Davison’s assessment reflects a narrow reading of Stretton’s contribution. He views Stretton with a local Australian eye and, as suggested, highlights Stretton’s grounding in history and his work on cities. A broader way to read Stretton is to highlight the lineage from his earliest writing to his last in articulating a radical vision of the social sciences beyond positivist conventions. From The Political Sciences through to Australia Fair (2005), what one not wedded to a defence of particular disciplinary commitments gets in engaging with Stretton are profound arguments of continuing relevance. Stretton’s intellectual framing of the purposes of social science – he avoided the idea of theory – echoes and connects to what are now major international debates in the social sciences, political theory and economics. Two deserve mentio First, ideas about human development and capability associated with Amartya Sen and Martha Nussbaum provide an important challenge to neoliberalism in ways emphasising the complexity of human needs and purposes beyond narrow self-interest. Their work challenges reductionism in economics and social science in fundamental ways and they articulate a powerful political and public policy agenda of international scope. Des Gasper reminds us of the relation of Stretton’s defence of a value-based social science to Sen’s enterprise while Nussbaum’s work on value ethics and social democracy relates closely to Stretton’s vision. Secondly, Stretton’s challenge to orthodox economic theory in his late work enjoys an international reputation in the post-autistic economics/real world economics movement now expressed through the World Economics Association. Stretton’s Economic: A New Introduction sits in a growing list of WEA alternative texts.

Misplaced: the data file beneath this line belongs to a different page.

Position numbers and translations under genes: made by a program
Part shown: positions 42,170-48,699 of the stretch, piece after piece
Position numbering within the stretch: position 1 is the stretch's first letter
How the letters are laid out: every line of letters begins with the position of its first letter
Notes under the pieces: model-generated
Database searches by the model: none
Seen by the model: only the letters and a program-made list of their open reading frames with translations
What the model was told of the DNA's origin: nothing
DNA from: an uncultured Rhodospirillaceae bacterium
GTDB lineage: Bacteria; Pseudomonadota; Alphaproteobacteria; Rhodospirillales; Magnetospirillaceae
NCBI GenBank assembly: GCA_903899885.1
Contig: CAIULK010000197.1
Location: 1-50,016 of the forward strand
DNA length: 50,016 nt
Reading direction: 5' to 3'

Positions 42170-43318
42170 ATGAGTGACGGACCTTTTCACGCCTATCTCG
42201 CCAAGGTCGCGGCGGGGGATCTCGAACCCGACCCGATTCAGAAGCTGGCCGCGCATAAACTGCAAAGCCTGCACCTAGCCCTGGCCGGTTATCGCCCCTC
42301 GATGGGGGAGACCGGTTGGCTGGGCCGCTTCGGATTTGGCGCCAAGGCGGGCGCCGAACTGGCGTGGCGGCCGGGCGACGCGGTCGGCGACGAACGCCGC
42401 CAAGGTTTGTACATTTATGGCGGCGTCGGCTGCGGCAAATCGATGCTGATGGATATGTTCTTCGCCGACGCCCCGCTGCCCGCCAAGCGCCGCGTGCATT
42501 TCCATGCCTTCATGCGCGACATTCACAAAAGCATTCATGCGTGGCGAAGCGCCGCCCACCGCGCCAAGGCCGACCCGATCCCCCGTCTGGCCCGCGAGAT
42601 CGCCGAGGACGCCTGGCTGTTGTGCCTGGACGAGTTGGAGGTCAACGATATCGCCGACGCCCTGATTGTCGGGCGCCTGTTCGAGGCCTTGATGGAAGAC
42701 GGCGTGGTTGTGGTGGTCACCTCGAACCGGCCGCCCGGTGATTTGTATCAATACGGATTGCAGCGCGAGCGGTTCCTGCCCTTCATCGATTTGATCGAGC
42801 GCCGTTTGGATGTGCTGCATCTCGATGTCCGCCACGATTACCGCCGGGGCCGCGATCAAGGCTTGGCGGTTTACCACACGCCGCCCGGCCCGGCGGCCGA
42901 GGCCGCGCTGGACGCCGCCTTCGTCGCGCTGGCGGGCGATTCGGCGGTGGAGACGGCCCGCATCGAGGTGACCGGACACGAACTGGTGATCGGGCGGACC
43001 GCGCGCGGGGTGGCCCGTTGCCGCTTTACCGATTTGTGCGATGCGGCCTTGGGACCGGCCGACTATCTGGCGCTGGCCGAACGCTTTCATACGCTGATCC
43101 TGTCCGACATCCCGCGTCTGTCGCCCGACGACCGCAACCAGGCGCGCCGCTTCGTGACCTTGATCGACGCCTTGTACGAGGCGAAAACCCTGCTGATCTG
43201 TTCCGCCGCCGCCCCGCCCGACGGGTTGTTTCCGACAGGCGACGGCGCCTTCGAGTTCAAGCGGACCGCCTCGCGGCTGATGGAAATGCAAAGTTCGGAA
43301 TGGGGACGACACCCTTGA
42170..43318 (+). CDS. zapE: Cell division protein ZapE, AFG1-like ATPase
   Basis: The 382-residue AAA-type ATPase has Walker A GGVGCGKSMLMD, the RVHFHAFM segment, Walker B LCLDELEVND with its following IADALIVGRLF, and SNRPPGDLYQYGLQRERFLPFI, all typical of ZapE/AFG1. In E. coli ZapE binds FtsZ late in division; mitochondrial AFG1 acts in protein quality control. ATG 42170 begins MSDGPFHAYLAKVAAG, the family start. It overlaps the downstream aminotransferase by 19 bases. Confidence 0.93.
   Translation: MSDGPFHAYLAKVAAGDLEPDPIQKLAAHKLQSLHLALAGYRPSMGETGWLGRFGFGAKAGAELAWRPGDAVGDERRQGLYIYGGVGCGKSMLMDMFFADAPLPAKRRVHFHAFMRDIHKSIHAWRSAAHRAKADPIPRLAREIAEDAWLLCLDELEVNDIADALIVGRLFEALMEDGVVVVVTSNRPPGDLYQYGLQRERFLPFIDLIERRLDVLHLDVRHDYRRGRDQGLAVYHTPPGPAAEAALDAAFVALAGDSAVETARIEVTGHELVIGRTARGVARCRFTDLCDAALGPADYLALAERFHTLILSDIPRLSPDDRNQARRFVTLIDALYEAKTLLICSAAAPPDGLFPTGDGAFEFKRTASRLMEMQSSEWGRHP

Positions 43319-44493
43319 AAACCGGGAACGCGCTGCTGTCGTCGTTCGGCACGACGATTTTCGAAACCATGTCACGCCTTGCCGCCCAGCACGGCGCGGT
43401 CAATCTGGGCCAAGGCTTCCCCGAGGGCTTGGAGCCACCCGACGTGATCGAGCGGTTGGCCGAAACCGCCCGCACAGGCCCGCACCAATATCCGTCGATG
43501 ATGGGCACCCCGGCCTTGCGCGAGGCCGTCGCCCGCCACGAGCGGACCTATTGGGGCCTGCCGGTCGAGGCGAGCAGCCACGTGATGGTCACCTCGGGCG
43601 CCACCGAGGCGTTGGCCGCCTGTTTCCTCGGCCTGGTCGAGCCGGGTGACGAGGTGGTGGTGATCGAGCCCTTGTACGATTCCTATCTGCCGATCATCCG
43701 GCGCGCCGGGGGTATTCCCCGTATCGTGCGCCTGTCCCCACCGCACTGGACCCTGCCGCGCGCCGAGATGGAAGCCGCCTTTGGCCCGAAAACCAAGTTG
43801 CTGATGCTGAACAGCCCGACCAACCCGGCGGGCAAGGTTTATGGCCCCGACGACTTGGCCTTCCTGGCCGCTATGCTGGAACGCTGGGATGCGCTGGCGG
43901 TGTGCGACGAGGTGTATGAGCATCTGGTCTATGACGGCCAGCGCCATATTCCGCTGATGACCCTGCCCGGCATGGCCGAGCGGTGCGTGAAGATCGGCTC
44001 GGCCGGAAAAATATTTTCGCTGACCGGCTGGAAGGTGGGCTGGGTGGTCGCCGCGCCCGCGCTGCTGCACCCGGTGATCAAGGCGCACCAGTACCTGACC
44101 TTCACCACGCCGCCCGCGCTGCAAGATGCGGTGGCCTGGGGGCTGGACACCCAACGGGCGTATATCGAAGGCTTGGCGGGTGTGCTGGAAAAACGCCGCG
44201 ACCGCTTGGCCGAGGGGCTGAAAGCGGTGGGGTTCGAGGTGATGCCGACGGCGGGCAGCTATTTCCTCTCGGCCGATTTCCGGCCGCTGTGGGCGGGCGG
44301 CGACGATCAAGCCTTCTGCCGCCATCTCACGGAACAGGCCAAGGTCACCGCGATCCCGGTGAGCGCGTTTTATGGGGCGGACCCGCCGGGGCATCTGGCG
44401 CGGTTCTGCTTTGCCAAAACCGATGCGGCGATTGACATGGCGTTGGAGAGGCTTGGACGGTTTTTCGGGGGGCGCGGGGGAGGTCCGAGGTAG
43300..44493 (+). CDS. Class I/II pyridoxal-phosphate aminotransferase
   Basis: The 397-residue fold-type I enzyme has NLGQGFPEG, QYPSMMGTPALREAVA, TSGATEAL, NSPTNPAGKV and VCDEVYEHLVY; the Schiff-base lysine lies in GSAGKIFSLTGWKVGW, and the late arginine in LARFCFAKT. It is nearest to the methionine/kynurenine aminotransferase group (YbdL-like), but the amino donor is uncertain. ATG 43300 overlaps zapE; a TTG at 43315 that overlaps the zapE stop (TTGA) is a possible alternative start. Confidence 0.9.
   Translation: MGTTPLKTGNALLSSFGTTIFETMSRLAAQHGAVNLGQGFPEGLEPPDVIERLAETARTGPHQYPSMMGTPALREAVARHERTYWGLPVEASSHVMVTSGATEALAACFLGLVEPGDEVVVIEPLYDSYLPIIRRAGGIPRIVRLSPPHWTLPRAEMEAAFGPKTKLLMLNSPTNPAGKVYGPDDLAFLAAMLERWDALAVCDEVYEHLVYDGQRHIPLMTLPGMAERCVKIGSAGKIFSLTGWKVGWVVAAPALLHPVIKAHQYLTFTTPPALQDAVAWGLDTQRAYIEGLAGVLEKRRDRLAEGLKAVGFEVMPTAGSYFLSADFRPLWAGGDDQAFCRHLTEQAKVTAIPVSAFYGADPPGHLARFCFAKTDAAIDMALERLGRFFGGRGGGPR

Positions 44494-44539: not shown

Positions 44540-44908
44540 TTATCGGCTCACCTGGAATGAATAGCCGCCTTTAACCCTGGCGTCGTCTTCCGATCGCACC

There may be no Strettonians but there are plenty of intellectuals who share his outlook while his legacy continues to be reflected in thinking at the cutting edge of the social sciences, particularly economics, ethics and public policy.
Lionel Orchard taught public policy at Flinders University. He worked with Hugh Stretton on the book Public Goods, Public Enterprise, Public Choice: Theoretical Foundations of the Contemporary Attack on Government (1994).